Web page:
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The Impressionist

A novel by

Betty Trask Award Best First Novel
Whitbread Prize Best First Novel (nominee)
In his dazzling first novel, Hari Kunzru exhibits an uncommon mastery of both language and subject. Taking readers on a whirlwind tour of the first half of the 20th century, Kunzru reveals his story through Pran Nath Razdan, a half-Indian, half-English boy, who is disowned by his high-caste family when they learn the truth of his parentage. Accustomed to the living in the lap of luxury and woefully unqualified to care for himself, Pran, now wholly alone, is forced to reinvent himself in his struggle to survive.

Desperate for food, Pran has one thing of value, his highly sought-after light skin, and he finds himself a hostage in a brothel, clothed in women's garb, drugged, and forced to assume the role of a sacrificial pawn in a game between colony and empire. But both factions self-destruct in a stupendously colorful way, and Pran escapes to Bombay, where he assumes a double life as both Robert, the obedient foster child of an eccentric Scottish missionary and his wife; and Pretty Bobby, errand boy for the sex shops in the city's infamous Falkland Road.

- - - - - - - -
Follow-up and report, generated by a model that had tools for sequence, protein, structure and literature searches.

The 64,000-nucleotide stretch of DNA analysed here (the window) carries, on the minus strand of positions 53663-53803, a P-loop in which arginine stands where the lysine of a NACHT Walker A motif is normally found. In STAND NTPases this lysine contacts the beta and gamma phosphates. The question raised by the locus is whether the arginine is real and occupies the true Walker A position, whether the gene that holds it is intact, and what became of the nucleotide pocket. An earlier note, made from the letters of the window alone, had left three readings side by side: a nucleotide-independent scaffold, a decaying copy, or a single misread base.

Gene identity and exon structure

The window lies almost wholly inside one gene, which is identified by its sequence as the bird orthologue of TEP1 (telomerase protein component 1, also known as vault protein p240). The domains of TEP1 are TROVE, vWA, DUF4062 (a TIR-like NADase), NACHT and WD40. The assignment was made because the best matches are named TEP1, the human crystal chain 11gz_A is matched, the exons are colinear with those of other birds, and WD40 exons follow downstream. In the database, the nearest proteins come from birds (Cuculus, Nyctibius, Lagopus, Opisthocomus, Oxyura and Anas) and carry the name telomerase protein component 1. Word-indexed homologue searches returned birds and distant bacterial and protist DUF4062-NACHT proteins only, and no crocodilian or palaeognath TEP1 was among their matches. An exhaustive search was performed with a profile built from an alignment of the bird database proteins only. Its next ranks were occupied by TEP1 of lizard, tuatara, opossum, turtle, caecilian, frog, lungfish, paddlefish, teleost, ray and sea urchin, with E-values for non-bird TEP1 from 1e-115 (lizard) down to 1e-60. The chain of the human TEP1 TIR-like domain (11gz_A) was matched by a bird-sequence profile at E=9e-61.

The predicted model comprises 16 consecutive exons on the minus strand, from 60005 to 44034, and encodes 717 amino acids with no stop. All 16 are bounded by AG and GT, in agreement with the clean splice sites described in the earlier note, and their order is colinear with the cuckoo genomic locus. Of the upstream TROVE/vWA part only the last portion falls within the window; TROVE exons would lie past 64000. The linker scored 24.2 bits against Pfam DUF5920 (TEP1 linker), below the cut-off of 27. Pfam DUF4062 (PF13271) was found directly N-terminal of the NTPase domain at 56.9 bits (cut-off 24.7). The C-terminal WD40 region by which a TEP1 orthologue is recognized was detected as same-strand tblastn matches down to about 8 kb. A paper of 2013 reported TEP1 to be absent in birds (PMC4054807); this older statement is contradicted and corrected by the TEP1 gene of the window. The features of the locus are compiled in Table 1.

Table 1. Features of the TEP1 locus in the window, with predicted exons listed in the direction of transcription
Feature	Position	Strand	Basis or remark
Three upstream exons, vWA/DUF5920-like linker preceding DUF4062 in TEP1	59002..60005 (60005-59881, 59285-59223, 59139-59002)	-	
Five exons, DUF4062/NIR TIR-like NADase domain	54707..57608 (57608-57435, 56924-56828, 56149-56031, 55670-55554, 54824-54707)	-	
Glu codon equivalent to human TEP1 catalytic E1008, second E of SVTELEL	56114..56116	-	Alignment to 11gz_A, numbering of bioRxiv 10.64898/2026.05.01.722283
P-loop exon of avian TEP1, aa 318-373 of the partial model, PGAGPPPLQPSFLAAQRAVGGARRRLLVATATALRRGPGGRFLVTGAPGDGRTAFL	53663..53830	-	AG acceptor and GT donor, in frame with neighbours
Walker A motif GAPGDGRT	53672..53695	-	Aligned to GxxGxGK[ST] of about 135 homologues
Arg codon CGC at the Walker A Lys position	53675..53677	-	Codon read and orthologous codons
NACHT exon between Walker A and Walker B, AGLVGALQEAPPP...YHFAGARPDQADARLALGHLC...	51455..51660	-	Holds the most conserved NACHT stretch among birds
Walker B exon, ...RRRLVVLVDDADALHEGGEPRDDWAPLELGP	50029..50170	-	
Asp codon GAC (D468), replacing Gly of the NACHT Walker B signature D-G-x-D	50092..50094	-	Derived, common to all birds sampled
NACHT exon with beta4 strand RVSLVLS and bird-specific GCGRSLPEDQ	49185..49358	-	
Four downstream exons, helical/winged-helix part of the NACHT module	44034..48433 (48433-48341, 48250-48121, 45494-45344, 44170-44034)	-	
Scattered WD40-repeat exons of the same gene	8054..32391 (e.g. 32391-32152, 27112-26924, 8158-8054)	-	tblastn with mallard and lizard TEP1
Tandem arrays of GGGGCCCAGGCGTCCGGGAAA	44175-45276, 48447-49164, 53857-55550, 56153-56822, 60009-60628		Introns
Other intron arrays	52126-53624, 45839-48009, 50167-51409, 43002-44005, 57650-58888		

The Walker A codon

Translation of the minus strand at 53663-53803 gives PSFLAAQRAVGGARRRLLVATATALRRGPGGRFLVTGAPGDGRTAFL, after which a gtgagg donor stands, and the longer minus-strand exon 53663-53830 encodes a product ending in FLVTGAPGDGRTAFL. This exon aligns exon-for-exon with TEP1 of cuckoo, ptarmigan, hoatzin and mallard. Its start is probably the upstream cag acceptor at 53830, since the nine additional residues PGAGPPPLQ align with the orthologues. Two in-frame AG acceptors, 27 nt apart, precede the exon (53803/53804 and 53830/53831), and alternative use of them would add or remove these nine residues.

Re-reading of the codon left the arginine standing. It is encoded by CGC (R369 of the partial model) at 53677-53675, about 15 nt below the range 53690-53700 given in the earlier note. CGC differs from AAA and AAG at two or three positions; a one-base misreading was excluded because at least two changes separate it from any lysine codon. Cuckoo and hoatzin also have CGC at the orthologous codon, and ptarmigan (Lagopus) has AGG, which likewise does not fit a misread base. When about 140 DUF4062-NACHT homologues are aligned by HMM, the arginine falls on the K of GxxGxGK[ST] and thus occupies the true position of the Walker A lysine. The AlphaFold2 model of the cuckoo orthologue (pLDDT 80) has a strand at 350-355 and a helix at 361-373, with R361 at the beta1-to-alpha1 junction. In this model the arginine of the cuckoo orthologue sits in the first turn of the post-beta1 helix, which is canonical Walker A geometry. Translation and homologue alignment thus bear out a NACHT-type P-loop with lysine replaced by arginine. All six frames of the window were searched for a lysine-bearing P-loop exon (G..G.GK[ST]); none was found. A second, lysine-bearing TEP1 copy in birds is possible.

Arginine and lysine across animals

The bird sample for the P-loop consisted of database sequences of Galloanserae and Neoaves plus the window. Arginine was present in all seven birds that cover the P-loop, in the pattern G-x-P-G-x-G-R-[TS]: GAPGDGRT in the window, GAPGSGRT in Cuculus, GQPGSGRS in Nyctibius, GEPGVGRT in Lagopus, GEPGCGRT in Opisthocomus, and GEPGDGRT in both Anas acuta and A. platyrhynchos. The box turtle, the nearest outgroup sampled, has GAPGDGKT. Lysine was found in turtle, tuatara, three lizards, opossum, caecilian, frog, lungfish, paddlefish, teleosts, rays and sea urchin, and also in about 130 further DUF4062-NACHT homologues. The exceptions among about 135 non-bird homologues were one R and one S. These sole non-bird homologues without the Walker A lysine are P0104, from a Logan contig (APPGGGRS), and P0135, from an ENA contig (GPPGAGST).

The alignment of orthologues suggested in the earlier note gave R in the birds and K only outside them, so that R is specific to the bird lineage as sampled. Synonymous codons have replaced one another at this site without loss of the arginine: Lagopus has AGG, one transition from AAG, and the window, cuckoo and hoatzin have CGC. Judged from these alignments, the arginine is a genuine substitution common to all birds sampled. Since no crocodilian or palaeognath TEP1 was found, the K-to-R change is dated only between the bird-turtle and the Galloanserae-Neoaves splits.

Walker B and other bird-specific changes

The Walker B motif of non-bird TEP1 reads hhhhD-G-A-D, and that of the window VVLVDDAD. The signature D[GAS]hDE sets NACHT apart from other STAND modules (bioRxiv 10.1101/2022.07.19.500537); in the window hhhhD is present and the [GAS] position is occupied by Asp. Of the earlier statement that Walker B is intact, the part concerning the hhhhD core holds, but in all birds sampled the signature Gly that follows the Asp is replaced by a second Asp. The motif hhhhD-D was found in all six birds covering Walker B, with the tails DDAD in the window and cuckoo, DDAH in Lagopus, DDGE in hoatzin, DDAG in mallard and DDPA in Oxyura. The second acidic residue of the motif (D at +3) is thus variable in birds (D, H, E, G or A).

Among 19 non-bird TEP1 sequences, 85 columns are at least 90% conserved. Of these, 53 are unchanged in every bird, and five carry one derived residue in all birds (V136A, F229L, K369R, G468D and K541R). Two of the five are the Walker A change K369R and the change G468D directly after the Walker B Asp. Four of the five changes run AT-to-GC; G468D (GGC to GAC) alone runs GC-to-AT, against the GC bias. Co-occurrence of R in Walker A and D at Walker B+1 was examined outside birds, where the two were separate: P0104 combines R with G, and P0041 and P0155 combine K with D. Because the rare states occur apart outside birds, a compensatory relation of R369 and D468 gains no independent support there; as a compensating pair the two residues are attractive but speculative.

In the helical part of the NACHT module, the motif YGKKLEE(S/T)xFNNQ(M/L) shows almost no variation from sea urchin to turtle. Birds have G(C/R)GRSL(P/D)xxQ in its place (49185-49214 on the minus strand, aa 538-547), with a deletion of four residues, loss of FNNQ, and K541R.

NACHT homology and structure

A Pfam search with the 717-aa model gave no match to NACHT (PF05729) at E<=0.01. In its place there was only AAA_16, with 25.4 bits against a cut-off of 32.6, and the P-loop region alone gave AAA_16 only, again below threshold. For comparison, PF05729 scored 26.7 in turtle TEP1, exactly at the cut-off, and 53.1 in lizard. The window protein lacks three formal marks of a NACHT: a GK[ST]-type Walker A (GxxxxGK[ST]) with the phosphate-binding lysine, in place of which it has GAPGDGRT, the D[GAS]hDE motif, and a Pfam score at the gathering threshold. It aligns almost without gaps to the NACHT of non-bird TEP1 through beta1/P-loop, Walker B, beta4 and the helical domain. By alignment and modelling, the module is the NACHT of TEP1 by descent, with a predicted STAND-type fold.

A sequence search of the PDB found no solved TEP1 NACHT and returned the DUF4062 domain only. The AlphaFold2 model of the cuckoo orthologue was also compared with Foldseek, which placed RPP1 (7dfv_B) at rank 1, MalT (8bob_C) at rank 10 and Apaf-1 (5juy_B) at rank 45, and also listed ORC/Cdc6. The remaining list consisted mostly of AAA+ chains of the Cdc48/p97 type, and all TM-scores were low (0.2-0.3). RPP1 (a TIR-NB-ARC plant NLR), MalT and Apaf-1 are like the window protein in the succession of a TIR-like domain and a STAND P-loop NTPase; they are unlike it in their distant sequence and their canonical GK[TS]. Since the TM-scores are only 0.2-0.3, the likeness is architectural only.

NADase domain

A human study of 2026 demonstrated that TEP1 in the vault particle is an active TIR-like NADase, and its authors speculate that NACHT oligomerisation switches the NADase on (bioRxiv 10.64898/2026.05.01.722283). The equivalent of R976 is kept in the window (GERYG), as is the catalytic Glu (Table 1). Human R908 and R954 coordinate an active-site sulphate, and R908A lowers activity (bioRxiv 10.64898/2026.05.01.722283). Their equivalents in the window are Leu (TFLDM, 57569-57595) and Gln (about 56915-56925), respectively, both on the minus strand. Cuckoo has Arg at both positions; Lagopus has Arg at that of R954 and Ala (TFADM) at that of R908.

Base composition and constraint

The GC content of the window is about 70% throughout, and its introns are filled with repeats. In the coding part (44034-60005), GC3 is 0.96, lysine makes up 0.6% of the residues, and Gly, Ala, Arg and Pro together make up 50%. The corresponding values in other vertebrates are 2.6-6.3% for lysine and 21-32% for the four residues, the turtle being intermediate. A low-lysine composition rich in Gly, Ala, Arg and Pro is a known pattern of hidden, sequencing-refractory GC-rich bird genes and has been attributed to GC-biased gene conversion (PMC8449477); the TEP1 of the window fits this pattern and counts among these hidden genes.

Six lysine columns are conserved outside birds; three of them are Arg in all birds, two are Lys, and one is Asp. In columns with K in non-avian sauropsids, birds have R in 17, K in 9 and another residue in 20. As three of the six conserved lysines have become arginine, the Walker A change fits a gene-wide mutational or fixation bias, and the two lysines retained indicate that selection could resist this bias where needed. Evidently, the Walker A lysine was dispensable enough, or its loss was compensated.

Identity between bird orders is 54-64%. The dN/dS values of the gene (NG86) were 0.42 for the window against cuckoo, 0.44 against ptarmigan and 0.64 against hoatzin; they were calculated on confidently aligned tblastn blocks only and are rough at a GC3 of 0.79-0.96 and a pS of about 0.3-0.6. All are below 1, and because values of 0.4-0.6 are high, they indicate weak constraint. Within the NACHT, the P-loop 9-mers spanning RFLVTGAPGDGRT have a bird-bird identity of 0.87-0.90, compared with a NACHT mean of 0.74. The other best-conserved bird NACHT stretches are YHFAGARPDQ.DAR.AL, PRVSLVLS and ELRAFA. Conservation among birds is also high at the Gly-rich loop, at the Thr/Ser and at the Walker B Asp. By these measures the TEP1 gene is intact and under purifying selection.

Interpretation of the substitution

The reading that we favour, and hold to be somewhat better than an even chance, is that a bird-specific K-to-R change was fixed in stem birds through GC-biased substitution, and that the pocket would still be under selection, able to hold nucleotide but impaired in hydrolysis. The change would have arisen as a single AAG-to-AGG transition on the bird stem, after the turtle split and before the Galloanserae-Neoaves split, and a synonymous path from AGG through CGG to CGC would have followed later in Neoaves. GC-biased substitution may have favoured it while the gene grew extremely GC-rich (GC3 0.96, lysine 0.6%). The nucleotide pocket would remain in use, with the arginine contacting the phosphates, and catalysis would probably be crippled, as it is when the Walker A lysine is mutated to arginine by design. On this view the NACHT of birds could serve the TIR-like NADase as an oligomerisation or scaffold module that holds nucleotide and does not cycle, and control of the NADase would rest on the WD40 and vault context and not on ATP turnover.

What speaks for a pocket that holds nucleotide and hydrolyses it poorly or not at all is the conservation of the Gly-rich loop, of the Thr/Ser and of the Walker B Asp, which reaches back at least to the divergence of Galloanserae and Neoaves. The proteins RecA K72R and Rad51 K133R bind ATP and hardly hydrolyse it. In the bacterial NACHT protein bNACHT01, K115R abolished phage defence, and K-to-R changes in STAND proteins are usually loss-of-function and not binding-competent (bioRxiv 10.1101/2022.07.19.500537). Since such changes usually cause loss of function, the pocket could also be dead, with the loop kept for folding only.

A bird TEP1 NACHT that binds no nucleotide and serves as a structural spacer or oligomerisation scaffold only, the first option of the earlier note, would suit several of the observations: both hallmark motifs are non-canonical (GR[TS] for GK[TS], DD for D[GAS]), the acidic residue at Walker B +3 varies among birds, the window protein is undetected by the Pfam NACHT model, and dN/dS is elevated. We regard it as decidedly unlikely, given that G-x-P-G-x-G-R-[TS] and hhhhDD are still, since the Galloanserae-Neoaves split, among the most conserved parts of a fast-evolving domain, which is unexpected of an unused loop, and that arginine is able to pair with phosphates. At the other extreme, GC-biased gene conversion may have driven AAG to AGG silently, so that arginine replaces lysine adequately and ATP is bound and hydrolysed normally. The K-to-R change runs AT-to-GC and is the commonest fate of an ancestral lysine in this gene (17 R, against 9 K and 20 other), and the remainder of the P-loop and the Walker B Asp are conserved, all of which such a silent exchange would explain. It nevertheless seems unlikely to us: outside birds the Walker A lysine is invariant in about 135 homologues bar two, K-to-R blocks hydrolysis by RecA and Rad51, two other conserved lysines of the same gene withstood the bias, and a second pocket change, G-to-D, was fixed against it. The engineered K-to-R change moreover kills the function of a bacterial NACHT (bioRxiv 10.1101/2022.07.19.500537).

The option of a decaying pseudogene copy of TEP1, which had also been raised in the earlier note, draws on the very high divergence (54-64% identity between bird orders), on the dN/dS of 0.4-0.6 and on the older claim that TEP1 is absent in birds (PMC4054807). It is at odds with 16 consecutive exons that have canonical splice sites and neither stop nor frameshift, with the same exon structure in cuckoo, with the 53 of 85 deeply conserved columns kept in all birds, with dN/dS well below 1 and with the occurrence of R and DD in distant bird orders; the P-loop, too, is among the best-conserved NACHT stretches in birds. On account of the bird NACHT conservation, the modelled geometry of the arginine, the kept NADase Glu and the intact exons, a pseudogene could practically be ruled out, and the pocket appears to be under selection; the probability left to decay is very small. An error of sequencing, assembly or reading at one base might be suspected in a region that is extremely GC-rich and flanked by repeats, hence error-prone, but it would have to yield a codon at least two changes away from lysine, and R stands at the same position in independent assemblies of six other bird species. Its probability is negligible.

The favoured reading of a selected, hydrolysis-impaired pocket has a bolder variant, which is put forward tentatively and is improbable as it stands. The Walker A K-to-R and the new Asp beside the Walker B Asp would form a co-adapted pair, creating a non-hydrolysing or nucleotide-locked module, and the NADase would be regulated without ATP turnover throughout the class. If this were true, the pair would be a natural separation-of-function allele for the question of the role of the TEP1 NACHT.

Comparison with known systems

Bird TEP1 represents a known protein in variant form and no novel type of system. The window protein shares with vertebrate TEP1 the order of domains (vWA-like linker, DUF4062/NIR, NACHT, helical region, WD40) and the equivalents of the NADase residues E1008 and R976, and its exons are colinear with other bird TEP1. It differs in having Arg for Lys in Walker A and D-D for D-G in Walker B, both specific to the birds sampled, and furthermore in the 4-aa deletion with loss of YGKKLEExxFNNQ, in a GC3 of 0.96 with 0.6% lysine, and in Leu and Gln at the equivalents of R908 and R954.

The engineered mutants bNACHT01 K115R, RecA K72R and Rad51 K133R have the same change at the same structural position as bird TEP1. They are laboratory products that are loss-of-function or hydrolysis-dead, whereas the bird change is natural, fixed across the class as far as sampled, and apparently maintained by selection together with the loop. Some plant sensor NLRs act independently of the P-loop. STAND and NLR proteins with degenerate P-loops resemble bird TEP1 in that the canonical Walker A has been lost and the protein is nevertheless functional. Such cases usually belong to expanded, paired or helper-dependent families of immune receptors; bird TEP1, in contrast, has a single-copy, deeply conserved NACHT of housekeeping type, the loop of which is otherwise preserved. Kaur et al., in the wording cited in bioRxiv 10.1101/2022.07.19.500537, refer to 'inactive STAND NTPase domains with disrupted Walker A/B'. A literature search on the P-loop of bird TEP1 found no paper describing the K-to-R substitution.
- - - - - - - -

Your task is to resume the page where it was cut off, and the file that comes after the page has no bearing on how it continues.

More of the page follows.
One night, when Pran witnesses a murder of a young Englishman about to return to his homeland for a proper education and to claim his inheritance, the quick theft of the victim's passport and boat tickets buys Pran yet another identity in a country he is prepared to make his own. Exquisitely skillful and wise, The Impressionist is full of unforgettable characters and insights -- into what it means to be black or white, and of the need to find a place where one belongs.

Genre: Literary Fiction

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